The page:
President Recep Tayyip Erdogan said yesterday that he had “no respect” for a decision by Turkey’s top court to release two journalists held on charges of revealing state secrets, triggering accusations that he was trampling on the constitution.
The Constitutional Court – one of the few Turkish public institutions not fully under Erdogan’s control – had allowed the release of the Cumhuriyet newspaper’s editor-in-chief Can Dundar and Ankara bureau chief Erdem Gul after three months in jail.
“I don’t concur with the decision and I have no respect for it,” Erdogan told reporters before leaving on a week-long trip to Africa. “This issue is not remotely linked freedom of expression. It’s a spying case.”
Dundar and Gul walked out of jail in Istanbul before dawn on Friday after the court ruled their rights had been violated.
They had been detained since November over a report alleging that Erdogan’s government tried to deliver arms to Islamist rebels in Syria.
But the pair will still stand trial on the charges on March 25, with prosecutors demanding multiple life terms.
Cumhuriyet said that Erdogan’s comments were “like a threat” and the Turkish opposition lashed out furiously at his apparent lack of regard for judicial independence as enshrined in the constitution.
Ozgur Ozel, one of the leaders of the opposition Republican People’s Party (CHP), accused Erdogan of staging a “coup”.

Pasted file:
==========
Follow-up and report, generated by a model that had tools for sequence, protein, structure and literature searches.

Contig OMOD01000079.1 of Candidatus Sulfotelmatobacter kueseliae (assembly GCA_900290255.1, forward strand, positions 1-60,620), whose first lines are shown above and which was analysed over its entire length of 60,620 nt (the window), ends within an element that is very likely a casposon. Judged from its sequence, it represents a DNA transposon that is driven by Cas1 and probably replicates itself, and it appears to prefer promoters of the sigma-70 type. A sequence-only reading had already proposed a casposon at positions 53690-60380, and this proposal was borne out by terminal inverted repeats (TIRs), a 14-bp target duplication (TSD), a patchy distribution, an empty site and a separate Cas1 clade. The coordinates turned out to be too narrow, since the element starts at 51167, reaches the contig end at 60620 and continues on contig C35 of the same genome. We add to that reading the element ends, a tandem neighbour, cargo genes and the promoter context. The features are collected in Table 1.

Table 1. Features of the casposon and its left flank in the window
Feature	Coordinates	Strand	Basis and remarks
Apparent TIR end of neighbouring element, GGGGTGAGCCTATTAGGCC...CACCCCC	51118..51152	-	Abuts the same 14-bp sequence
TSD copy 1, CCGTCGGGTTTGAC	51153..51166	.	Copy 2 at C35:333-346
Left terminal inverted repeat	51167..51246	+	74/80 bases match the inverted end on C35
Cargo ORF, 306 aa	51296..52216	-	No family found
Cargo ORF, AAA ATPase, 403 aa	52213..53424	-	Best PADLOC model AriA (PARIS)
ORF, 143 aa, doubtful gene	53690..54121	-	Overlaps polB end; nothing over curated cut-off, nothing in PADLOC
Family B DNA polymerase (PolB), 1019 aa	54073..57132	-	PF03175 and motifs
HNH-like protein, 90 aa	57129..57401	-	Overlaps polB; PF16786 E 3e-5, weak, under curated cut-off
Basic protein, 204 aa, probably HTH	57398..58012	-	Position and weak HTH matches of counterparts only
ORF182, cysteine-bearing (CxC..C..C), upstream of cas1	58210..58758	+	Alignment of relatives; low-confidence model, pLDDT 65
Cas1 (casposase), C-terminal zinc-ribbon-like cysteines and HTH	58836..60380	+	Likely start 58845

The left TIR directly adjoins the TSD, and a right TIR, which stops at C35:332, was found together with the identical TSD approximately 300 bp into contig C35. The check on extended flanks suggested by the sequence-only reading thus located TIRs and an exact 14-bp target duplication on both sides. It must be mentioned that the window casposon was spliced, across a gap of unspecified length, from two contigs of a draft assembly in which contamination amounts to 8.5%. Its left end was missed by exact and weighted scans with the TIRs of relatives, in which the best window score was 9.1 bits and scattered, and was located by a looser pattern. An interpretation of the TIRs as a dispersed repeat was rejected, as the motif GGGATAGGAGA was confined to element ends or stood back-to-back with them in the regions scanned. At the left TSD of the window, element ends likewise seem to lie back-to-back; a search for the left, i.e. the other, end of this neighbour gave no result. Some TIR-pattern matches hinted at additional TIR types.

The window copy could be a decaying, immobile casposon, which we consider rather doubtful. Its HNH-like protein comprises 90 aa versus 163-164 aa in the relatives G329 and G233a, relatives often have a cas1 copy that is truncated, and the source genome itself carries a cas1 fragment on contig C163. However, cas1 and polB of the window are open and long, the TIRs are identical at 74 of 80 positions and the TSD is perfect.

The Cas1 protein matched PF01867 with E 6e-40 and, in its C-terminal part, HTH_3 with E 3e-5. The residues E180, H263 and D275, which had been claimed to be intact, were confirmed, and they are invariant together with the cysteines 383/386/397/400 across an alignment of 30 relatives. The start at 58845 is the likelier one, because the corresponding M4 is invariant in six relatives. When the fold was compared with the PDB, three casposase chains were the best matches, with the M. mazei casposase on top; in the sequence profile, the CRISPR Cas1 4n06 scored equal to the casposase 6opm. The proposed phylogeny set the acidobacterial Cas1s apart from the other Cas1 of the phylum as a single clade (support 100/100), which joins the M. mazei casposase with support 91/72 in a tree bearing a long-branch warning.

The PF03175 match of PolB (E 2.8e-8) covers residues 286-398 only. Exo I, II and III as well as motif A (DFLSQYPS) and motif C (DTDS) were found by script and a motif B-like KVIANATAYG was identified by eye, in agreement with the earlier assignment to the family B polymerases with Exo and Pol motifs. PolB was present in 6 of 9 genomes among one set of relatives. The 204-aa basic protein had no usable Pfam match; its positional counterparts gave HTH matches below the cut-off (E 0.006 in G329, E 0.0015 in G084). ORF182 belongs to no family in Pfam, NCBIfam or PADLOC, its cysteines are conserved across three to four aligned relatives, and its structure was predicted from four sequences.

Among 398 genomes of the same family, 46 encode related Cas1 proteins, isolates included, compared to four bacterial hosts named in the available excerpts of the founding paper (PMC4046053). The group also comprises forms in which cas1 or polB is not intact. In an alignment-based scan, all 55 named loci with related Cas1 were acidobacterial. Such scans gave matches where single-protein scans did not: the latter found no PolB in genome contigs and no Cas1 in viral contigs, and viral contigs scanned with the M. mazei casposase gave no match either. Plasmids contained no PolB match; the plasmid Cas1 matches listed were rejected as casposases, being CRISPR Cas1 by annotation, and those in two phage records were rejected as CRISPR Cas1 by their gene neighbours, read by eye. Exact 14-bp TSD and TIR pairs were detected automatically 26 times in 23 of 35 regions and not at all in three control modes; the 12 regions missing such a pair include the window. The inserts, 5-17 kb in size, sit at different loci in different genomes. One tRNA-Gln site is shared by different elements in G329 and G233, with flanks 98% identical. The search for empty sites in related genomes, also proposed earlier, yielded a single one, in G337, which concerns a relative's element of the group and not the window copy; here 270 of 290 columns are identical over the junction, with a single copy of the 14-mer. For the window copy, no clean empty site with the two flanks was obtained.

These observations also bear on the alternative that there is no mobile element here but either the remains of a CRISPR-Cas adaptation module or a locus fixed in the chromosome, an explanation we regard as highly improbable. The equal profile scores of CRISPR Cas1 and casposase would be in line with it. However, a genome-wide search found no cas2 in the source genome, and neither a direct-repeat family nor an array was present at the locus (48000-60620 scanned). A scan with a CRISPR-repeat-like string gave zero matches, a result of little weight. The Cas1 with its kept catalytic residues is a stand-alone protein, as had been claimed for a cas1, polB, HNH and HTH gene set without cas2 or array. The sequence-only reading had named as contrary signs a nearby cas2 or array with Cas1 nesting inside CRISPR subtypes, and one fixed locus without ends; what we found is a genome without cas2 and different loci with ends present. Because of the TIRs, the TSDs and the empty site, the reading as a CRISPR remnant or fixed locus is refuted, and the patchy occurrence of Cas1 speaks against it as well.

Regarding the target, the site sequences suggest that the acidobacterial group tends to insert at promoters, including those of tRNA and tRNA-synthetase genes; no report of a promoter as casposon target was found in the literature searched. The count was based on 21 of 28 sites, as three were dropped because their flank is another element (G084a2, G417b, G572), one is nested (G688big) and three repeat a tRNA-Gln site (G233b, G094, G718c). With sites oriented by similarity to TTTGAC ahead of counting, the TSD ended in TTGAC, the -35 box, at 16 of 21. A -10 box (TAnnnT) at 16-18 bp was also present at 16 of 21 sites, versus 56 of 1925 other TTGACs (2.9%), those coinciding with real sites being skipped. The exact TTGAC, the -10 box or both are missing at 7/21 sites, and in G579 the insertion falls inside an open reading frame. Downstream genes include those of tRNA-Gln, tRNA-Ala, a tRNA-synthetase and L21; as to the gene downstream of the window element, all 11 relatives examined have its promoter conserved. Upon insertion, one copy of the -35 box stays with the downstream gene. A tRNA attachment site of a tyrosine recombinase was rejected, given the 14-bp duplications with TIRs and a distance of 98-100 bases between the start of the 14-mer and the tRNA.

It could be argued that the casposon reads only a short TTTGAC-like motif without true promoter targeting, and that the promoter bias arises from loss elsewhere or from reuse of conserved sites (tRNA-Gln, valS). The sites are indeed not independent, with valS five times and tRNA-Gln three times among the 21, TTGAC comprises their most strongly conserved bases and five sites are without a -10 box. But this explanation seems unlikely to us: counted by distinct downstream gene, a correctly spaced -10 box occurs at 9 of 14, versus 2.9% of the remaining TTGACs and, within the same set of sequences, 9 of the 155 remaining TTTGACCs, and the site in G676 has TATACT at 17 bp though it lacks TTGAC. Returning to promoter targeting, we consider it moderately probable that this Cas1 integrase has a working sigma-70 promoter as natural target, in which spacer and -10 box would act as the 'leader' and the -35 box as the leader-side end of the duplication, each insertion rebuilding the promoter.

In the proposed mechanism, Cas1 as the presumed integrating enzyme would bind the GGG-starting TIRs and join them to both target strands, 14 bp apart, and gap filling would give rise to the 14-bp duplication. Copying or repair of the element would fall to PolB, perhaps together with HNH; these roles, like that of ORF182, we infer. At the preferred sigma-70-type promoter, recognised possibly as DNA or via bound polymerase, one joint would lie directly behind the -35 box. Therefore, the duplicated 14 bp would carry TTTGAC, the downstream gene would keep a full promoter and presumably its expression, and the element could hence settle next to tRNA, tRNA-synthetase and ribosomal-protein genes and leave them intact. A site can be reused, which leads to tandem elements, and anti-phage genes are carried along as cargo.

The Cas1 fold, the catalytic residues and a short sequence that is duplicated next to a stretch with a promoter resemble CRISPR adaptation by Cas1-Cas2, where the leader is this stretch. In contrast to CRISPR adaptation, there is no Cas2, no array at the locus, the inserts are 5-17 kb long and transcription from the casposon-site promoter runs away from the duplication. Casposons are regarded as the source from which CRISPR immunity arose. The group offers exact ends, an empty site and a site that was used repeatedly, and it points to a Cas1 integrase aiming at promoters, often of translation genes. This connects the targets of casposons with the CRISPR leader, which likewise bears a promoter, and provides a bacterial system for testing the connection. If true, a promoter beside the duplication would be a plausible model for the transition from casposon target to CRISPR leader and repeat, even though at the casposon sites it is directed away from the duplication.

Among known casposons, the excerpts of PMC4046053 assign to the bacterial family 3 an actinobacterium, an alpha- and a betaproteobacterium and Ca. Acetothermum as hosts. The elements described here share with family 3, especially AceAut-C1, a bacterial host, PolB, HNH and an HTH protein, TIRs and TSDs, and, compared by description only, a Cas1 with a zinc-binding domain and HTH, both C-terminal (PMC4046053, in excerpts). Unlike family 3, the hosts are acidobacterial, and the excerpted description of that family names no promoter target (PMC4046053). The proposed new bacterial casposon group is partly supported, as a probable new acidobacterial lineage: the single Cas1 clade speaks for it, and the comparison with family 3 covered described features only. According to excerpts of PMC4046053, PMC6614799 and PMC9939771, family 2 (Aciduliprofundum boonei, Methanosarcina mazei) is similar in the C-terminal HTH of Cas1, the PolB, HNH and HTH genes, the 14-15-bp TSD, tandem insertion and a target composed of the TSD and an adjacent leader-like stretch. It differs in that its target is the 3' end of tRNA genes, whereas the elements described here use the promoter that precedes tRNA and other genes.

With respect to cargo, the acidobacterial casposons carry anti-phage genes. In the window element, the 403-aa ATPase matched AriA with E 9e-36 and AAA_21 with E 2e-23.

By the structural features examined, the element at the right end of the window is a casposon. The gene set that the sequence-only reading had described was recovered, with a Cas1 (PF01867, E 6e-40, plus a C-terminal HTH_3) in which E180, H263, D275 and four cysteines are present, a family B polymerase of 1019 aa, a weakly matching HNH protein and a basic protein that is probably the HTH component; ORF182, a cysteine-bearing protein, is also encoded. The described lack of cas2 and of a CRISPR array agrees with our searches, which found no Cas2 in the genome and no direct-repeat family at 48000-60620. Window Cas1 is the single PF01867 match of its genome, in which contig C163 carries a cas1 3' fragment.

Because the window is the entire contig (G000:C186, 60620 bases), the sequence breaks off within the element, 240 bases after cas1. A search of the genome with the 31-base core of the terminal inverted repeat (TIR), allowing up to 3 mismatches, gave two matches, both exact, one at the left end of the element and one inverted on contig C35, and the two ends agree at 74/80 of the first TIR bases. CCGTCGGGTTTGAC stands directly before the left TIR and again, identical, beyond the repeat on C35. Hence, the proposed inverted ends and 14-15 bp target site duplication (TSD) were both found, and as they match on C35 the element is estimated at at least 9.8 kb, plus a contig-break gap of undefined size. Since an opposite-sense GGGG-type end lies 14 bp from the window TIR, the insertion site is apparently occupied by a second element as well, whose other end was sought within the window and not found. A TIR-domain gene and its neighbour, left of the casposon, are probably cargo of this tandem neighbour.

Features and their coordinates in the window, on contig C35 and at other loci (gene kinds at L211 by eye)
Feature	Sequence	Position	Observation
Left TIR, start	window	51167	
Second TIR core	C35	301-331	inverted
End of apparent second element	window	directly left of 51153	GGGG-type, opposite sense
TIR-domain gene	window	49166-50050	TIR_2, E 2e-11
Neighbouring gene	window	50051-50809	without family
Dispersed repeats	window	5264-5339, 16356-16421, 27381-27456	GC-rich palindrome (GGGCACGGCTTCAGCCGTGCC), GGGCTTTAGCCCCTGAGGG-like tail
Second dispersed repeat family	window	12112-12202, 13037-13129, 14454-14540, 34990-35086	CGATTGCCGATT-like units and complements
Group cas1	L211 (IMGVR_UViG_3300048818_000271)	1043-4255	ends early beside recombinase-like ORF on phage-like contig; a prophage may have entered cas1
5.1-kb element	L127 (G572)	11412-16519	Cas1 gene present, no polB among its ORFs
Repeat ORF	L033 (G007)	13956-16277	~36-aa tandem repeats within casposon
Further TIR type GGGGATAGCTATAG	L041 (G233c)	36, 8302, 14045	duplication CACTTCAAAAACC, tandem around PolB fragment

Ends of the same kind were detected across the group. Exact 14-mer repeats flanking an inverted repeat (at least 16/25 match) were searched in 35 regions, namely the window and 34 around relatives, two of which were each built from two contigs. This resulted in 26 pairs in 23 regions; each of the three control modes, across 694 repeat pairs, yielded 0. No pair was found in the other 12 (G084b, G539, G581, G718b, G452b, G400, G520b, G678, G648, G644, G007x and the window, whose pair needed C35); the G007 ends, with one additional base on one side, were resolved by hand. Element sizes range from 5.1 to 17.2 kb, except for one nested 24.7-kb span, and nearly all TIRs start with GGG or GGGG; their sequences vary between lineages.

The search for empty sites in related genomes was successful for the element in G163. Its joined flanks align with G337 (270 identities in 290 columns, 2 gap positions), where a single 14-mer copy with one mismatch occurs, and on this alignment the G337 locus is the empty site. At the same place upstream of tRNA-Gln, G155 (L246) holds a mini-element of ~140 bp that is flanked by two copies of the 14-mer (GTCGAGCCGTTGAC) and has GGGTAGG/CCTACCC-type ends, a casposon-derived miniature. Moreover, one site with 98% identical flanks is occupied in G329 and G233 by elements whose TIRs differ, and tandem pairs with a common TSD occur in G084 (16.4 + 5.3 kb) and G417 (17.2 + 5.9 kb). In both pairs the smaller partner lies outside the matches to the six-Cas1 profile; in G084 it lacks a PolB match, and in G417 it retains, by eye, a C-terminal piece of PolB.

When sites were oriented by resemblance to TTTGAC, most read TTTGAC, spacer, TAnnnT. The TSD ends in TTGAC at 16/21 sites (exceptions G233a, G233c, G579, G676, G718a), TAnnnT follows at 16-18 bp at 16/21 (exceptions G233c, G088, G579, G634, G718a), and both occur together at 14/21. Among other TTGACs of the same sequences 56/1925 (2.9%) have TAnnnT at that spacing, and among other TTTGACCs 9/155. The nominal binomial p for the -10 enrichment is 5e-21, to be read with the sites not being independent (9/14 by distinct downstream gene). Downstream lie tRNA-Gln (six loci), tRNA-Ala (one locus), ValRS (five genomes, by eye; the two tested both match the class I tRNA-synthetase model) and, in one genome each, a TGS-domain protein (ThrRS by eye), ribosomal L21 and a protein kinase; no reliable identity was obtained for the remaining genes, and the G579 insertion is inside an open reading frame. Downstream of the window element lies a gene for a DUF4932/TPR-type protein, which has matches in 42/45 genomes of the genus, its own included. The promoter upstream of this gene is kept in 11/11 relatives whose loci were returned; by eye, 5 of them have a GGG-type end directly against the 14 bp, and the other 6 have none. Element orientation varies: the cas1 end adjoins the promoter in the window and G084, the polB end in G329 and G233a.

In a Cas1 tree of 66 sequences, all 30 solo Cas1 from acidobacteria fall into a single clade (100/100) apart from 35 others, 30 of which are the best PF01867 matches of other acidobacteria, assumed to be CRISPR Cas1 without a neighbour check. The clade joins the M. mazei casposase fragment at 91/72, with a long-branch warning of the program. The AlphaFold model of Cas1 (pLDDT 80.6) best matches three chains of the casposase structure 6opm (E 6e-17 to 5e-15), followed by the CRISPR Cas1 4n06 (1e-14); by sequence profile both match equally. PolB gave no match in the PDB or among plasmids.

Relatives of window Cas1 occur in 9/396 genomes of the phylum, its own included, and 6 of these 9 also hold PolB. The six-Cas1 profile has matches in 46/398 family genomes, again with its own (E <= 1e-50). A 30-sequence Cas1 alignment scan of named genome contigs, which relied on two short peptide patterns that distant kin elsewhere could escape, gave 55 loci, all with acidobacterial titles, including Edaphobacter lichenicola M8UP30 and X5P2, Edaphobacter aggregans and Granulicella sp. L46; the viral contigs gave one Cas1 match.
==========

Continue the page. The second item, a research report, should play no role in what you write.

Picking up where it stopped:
“Today the president ... has tried to give instructions to the judiciary. The constitution has been trampled on today. It’s a situation of irresponsible abuse.”
Erdogan said that after almost 15 years of rule by his Justice and Development Party (AKP), media freedoms had reached an “ideal point”.
“I believe in defending freedom of expression until the end,” he said. “But I do not believe in using freedom of expression ... as a mask to attack to the country.”
Dundar and Gul have been formally charged with obtaining and revealing state secrets “for espionage purposes” and seeking to “violently” overthrow the government as well as aiding an “armed terrorist organisation”.
Erdogan added: “For me, there cannot be limitless media freedom. There is no absolute freedom for the media in any country in the world.”
The newspaper report had sparked a furore in Turkey, fuelling speculation about the government’s role in the Syrian conflict and its alleged dealings with Islamist rebels in Syria.
The Constitutional Court, Turkey’s top instance, is one of the very few public institutions in Turkey not controlled by Erdogan who enjoys the support of a loyal army, parliament and government.
Media reports said nine of the 12 judges who voted in favour of the journalists had been appointed during the rule of Erdogan’s predecessor Abdullah Gul, a former close ally now reportedly at odds with the president.
Two were appointed during the rule of Gul’s predecessor Ahmet Necdet Sezer and one was elected by parliament.
Of the three who said there had been no violation, one was appointed by Erdogan and two elected by parliament.
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